Pronunciation key

( ek′sof-thalmi-ə )
( eks-of-thalmiå )



[Mod. L. < Gr. exophthalmos with prominent eyes; ex-, out + ophthalmos, an eye].

  1. Abnormal prominence or protrusion of the eyeball caused by disease, usually hyperthyroidism which results in a marked stare. Occasionally the condition is caused by an inflammations, fluid swelling and infection or tumor behind the eye which pushes it forward. Overactivity of the thyroid gland (hyperthyroidism) is a common cause of exophthalmos. Some cases of congenital enlargement of the eyeball may simulate exophthalmos. In most cases, this condition is caused by an accumulation of fluid in the fatty tissues that cushion the eyeball in its socket or orbit. Graves' disease, a type of hyperthyroidism may be the cause of the swelling of the orbital tissue. However, it may also follow the spread of infection from the paranasal sinuses or the teeth. Some less frequent cause for exophthalmos include hemorrhaging or aneurysm of the internal carotid artery and congenital glaucoma or severe myopia.

Thryoid gland

Syn. exophthalmos, exophthalmus. Also called Proptosis.

Exophthalmic Goiter

Pathol. In medicine, a form of goiter marked by abnormal protrusion of the eyeballs, strained appearance of the face, weight loss, sweating, tremors, enlarged thyroid gland, anemia, tachycardia (rapid pulse and palpitation of the heart), intense nervous excitability and abnormally quick metabolism. This disease is caused by the excessive production of thyroid hormone (Hyperthyroidism) and is also known as Basedow's disease or Graves' disease. See hyperthyroidism. It is the opposite of hypothyroidism.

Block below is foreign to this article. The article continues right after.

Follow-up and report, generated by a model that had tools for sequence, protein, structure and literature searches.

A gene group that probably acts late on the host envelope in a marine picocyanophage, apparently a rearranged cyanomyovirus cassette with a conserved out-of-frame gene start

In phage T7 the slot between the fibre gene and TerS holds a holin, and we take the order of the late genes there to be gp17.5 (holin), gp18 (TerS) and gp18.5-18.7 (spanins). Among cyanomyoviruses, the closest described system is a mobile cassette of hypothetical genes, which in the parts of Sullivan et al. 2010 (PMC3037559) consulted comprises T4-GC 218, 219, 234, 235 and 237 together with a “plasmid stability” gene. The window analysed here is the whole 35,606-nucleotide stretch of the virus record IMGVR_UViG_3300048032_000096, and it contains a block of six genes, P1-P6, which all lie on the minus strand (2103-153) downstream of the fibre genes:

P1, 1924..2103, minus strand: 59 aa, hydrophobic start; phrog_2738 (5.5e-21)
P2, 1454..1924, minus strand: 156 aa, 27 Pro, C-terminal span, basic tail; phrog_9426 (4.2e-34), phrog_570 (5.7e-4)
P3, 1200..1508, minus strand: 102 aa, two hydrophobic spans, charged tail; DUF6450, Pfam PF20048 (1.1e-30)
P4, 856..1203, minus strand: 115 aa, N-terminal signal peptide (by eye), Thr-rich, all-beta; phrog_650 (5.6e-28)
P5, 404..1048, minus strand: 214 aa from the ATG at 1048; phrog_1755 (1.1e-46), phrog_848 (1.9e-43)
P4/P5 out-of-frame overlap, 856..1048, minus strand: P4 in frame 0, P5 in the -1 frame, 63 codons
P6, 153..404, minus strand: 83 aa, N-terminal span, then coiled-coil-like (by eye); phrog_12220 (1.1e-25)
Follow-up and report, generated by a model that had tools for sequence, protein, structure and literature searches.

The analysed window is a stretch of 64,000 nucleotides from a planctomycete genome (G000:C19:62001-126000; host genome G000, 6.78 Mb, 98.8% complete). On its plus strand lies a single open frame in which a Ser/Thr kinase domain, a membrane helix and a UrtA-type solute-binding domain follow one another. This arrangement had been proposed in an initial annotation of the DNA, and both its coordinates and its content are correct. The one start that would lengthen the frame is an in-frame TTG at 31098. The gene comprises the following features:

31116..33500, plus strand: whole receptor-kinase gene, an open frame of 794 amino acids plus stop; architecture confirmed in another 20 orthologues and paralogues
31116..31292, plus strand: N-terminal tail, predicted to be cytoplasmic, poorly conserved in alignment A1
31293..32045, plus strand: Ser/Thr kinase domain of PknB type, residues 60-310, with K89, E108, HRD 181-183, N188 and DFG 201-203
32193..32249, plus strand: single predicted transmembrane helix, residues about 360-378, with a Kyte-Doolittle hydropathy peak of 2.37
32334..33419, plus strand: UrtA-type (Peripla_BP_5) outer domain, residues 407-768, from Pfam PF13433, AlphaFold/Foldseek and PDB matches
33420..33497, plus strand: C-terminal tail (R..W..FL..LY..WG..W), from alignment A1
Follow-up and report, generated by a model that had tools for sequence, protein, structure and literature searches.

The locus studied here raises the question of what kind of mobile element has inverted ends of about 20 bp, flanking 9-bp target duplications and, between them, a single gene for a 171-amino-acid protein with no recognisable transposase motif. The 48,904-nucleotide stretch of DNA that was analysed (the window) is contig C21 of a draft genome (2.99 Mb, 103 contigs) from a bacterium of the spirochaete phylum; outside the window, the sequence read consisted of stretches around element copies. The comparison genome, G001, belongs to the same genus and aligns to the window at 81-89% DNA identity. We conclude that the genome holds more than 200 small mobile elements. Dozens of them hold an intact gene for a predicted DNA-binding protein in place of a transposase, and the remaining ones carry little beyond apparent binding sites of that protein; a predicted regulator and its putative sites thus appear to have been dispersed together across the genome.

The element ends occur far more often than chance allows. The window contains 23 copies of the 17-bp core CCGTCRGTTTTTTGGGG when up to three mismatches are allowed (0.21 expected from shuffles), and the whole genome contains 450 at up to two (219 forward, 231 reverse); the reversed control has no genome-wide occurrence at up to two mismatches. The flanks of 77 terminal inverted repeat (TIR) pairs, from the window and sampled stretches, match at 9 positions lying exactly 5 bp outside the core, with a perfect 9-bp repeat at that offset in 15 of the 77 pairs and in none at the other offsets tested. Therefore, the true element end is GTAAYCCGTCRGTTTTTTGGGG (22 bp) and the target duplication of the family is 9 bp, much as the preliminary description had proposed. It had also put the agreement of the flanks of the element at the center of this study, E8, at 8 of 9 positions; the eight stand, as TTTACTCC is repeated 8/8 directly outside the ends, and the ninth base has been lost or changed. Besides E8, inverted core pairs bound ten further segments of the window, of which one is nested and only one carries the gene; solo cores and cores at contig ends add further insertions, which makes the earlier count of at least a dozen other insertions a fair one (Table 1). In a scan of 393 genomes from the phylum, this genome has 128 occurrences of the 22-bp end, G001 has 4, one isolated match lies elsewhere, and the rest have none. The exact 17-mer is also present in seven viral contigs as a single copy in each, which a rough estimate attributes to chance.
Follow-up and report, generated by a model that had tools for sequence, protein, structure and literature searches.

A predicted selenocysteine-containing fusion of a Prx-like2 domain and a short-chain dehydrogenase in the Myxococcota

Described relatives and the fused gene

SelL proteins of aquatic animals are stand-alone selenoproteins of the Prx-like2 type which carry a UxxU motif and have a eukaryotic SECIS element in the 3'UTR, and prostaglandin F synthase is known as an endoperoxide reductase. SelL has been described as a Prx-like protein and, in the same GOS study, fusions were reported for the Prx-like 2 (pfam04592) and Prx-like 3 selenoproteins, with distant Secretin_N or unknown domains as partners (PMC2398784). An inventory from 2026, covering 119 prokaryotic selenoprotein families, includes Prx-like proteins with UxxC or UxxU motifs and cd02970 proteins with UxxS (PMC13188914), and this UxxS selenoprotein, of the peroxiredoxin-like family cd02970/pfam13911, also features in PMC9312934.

Treatments may include

  • Suppression of hormone production with medication.
  • Destruction of thyroid tissue with radioactive iodine.
  • Surgical removal of part of the thyroid gland.

    An extreme form of hyperthyroidism with a sudden onset is called thyroid storm. If left untreated the condition is usually fatal but with proper medical attention, symptoms can be managed.


  • Webster's New World Dictionary of the American Language (College Edition) ©1955
  • The New World Family Encyclopedia ©1955
  • Webster's Improved Dictionary and Everyday Encyclopedia ©1956
  • Encyclopedia International ©1966 (Grolier Inc.)
  • Funk and Wagnalls Standard Dictionary, Comprehensive International Edition ©1976
  • Encyclopedia and Dictionary of Medicine, Nursing and Allied Health ©1978
  • Encyclopedia Britannica Micropedia ©1984
  • The American Heritage Dictionary, Second College Edition ©1985
  • The Human Body in Health and Disease ©2000 Lippincott Williams and Wilkins
  • Taber's Cyclopedic Medical Dictionary, F.A. Davis Co. ©2001
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